Not So Merry and Bright

While depression can happen throughout the entire year, stress and anxiety during the holiday seasons in November and December can cause even those that are typically happy and content to feel loneliness and lack of fulfillment.

According to the Mayo Clinic, “Seasonal Affective Disorder (SAD) is a type of depression that’s related to changes in seasons.”

A season full of festive celebrations, the time between Thanksgiving through New Year’s is often seen as a time for gratitude, religion, family, friends and traditions. Unfortunately, for many people, there are more than enough reasons to feel the holiday blues.

Social isolation, grieving past years, family dysfunction, feelings of gloom, overwhelming stress, financial difficulties, seasonal depression and cold dark winter nights are all contributors to this phenomenon. Doctor of Psychiatry Norman Rosenthal cited that six percent of the US population feels the effects of SAD every year.

Members of the Journal’s Editorial Board agreed that this time of year can be very stressful, but completely worth the work. So for those already feeling the gloom of this stressful season, we have a few ideas to help you stay positive.

Find Sunlight

Dermatologists agree that getting at least 20 minutes of sunshine everyday helps in the fight against depression.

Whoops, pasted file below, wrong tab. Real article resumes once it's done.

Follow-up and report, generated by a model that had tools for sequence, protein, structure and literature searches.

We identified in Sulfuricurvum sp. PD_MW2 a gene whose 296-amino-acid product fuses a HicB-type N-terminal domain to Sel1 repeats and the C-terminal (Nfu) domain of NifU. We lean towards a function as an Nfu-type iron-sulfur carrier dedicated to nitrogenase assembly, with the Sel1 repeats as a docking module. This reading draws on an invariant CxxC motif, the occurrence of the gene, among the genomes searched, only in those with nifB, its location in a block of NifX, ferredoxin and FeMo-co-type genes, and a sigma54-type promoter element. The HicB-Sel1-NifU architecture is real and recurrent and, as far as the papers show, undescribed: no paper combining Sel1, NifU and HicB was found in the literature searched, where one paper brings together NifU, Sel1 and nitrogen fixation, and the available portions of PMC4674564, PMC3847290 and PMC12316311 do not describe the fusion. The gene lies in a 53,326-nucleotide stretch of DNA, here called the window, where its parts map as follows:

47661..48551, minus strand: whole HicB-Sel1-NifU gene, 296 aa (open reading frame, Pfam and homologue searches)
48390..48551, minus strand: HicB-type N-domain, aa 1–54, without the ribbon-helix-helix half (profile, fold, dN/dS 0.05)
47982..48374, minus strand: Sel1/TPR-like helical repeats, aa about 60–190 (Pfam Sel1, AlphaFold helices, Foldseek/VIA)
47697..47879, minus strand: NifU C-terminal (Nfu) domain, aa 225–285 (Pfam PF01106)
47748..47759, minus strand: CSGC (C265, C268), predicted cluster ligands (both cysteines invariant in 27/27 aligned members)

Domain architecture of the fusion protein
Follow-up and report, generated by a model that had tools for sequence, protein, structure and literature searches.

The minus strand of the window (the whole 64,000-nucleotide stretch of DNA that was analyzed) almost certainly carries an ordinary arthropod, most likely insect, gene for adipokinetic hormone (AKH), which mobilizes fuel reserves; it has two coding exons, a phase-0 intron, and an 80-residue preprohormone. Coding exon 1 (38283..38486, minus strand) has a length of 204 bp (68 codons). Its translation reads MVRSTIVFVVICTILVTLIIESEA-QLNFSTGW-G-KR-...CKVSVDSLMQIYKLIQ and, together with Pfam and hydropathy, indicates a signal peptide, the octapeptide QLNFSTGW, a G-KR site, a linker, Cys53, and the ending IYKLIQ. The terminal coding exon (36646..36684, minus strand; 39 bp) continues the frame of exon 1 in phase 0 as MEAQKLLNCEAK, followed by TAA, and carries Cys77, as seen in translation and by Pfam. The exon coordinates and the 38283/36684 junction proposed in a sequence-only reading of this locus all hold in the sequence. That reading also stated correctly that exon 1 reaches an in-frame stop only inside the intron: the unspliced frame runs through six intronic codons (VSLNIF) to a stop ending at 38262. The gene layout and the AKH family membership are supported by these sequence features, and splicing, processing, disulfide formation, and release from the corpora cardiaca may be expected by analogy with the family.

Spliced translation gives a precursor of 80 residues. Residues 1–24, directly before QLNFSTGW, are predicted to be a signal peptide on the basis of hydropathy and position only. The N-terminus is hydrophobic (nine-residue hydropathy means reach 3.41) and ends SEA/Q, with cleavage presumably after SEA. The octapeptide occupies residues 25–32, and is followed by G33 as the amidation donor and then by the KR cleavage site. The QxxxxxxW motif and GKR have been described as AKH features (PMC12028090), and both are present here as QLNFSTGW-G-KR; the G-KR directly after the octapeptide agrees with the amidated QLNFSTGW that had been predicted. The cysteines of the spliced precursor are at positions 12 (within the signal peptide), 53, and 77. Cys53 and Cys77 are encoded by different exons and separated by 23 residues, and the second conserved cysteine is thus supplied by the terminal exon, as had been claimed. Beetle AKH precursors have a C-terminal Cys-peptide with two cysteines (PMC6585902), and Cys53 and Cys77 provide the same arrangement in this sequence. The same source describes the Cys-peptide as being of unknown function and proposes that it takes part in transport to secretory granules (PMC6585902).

Budget

Before shopping, making a plan and budget can help you avoid going into debt.

Organize and Schedule

Avoid the stress that comes with time-consuming events and forgetfulness by scheduling everything in advance and sticking to your plan.

Volunteering

Helping those less fortunate than you through the holidays can help lift your own spirits.

Breathe

Remember to take a deep breath. Make time to smell the cinnamon. Do something for yourself because burning out will do nothing but frustrate you further.

The Journal’s staff members wish everyone a happy holiday season. If you or someone you know is struggling, be sure to call SUU’s counseling center at (435) 865-8621 or call the National Suicide Prevention Lifeline at 1-800-273-8255.

Story By
Savannah Palmer 
opinion@suunews.com

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